#331  
Old 01-08-2014, 04:23 AM
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scarpfish scarpfish is online now
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Quote:
Originally Posted by DanJon View Post
The professional disc golfers, and future pros, want a bigger better image so they can make more money.
And yet, some of those very same people contribute to the very sordidness that is supposedly holding them back.
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  #332  
Old 01-08-2014, 09:11 AM
KaBooM KaBooM is offline
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Quote:
Originally Posted by Three Putt View Post
Lol...you're an angry guy, aren't you.

So what is my problem with what is happening? If somebody actually has a plan that is going to result in the spectators and revenue needed to make professional disc golf viable, I'm not going to be in the way. I've just never heard anyone tell me anything that sounds like it is going to work and when I ask WTH this "thing" is I get told that "I can't tell you any details becasue a lot of things are still in the works, but trust me something big is happening." I've been told that for about 20 years, so excuse me if I'm skeptical that there is a deliberate, thoughtful business planning for the future. It sound like the same wishful thinking smoke that has been blown up my skirt for forever.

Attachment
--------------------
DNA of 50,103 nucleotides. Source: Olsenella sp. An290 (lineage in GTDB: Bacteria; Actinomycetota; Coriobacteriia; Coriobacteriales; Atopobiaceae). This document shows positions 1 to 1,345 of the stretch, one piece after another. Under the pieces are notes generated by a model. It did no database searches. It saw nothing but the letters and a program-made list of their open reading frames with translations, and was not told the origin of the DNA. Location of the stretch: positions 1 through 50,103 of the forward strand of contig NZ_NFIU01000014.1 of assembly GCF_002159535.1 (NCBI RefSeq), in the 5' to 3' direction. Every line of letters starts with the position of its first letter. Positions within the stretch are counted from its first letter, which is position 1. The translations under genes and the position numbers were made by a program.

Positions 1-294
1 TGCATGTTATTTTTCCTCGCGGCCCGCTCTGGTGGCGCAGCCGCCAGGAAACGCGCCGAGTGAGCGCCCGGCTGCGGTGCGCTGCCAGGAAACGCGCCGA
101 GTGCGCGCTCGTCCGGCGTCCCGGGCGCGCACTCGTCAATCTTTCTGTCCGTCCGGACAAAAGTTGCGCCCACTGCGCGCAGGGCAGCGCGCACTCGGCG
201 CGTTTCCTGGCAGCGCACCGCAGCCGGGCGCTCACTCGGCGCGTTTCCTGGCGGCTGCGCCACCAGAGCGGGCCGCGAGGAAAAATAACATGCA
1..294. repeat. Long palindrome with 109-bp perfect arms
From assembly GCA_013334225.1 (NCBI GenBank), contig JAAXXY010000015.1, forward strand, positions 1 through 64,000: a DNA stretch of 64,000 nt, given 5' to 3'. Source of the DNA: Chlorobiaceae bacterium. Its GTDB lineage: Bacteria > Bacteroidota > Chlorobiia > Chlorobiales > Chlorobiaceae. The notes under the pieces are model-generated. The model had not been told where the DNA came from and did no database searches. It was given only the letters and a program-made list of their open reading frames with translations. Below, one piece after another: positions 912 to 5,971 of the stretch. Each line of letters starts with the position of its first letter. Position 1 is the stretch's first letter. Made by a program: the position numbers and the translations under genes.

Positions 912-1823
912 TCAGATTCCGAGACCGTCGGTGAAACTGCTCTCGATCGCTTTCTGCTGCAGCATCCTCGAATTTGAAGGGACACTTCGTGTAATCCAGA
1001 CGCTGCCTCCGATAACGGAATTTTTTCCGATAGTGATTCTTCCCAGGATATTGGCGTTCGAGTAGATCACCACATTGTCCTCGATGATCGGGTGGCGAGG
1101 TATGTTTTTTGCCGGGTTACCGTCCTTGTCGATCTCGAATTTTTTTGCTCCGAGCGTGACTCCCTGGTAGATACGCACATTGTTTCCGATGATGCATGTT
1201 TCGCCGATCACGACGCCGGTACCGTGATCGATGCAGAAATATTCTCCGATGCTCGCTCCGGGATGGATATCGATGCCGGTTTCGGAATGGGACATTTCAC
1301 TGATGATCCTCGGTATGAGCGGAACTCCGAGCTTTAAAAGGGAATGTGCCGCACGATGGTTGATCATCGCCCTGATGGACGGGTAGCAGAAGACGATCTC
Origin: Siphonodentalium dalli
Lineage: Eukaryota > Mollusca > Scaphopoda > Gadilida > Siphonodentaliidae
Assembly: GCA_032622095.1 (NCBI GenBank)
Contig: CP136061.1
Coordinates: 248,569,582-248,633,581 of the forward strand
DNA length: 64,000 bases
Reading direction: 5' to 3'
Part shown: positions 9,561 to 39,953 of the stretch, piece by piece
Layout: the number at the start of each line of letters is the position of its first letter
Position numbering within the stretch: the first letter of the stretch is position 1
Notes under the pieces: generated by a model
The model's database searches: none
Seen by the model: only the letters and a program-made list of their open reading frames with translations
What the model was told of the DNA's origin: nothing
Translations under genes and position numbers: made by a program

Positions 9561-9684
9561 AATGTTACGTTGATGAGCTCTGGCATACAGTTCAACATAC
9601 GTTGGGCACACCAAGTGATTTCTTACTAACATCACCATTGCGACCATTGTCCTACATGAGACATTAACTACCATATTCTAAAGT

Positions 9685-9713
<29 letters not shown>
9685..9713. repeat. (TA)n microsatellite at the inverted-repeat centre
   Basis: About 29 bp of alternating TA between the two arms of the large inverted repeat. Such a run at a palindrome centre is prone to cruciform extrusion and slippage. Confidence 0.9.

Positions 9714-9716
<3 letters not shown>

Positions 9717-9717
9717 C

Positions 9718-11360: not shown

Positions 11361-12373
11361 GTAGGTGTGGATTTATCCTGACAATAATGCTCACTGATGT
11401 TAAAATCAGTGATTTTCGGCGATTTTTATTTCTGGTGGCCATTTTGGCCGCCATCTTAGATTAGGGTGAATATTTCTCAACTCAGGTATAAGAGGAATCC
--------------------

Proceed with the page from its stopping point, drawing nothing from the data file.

I'm not afraid of the future. I've advocated blowing up what we do and starting over for years. I've been saying for decades that shutting out the parks and recreation profession from disc golf programming is a mistake and that we as players need to loosen the grip of "disc golf by disc golfers for disc golfers" mentality that has segregated us and kept the power in the hands of the "powers that be" that you seem to think I'm afraid might lose it. That we disagree about what the future will bring is just that; a disagreement. If you have no respect for me and my opinions, whatever. Just don't put words in my mouth.
You make many good points in some of your posts. However, some of what you say is debateable to me.